Definition and calculation of the mean sea levels
Mean sea level is a vague notion that needs to be clearly defined to have a good understanding of the signals contained in the series of values and to interpret the variations (temporal mean? spatial mean? in what extension?).
The definition adopted in SONEL corresponds to the definition of the Permanent Service for Mean Sea Level, the PSMSL, and of the Global Sea Level Observing System GLOSS to which SONEL contributes. The means are temporal averages at the tide gauges (point on the coast), over daily, monthly and annual periods.
There are, however, different ways to calculate these means. They are briefly summarised below:
Annual values: arithmetic means of monthly means weighted for the number of days actually observed during the month. The value is calculated if at least 11 monthly values are actually available (cf. rules of the PSMSL).
Monthly values : arithmetic means of daily means. However, the value is not calculated if more than 15 days are missing (cf. rules of the PSMSL).
Daily values: the choice of an arithmetic mean over a 24h period has the disadvantage that it does not adequately filter the signals from periods of less than one day, particularly those from tides for which a period of 24h50 would be more suitable. Filters have been designed to do this (Doodson, Demerliac). Pugh (1987) reexamined the different filters and concluded that the differences were minimal for the monthly means at Newlyn (1-2 mm). We have adopted the Demerliac filter for historical reasons, but the Doodson filter is proposed to the users as well. Click on the link to find out more about filters.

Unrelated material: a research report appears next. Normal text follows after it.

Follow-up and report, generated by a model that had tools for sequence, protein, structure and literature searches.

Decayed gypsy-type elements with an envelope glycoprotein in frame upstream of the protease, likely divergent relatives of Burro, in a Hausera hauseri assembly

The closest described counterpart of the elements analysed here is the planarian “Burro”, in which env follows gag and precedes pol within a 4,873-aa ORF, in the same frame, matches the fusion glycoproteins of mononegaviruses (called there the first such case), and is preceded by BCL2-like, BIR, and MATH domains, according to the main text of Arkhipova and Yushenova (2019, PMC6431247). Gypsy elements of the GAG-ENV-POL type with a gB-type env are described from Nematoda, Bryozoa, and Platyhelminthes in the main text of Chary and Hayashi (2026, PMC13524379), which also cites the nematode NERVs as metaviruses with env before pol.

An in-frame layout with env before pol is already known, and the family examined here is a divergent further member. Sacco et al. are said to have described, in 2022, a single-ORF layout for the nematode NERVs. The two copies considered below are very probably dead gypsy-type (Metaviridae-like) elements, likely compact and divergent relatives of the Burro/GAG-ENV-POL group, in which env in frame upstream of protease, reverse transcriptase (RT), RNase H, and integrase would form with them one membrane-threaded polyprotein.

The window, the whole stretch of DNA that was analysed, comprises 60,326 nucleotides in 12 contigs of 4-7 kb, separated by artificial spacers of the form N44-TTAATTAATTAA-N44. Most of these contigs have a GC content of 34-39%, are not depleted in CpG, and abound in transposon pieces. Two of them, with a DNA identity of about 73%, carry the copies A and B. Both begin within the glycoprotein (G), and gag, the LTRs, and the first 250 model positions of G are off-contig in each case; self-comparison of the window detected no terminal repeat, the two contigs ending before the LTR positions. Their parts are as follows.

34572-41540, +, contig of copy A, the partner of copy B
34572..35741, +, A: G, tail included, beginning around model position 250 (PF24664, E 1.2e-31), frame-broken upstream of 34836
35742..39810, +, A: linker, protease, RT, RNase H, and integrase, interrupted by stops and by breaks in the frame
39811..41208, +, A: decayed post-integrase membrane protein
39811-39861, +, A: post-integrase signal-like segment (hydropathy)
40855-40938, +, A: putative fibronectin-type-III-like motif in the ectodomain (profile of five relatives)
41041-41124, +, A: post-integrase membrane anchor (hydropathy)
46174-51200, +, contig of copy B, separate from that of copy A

The daily, monthly and annual heights are expressed in millimetres.
The dates are in decimal years (centred on the 15th day of the month for monthly values and at midday for daily values).
Sea level observations are traditionally recorded as hourly heights. Subsequently, the mean sea level is derived using a linear combination of these heights (Bessero, 1985).
Fig. 1 : Mean sea level computation formulae, where M=2n+1,
∆ is the sampling, ak is a sequence of real coefficients.
Several such linear filters exist to compute the daily mean sea levels. Theoretically, the longer is the vector ak, the more efficient is the filter for the reduction of the tidal effects (it takes into account more observations), but the more limited will be its application in the case of tide gauge observations containing gaps. The Demerliac filter is a good trade-off recommended by the French hydrographic agency (SHOM). It uses a 71 elements symmetric vector ak (see the table below)
|k||Avergae of 25 heights|
|Munk "Tide Killer" filter|
Tab. 1 : Coefficients used for different linear filters. For each filter, ak=a-k.
Source : Bessero (1985)
Bessero G. (1985). Marées. SHOM, Fascicule 2, chap. IX à XV.
Help us to have the most complete and updated database
SONEL aims at providing high-quality continuous measurements of sea- and land levels at the coast from tide gauges (relative sea levels) and from modern geodetic techniques (vertical land motion and absolute sea levels) for studies on long-term sea level trends, but also the calibration of satellite altimeters, for instance.
SONEL serves as the GNSS data assembly centre for the Global Sea Level Observing System (GLOSS), which is developed under the auspices of the IOC/Unesco. It works closely with the PSMSL and the University of Hawaii Sea Level Center (UHSLC) by developing an integrated global observing system, which is linking both the tide gauge and the GNSS databases for a comprehensive service to the scientific community. It also acts as the interface with the scientific community for the French tide gauge data.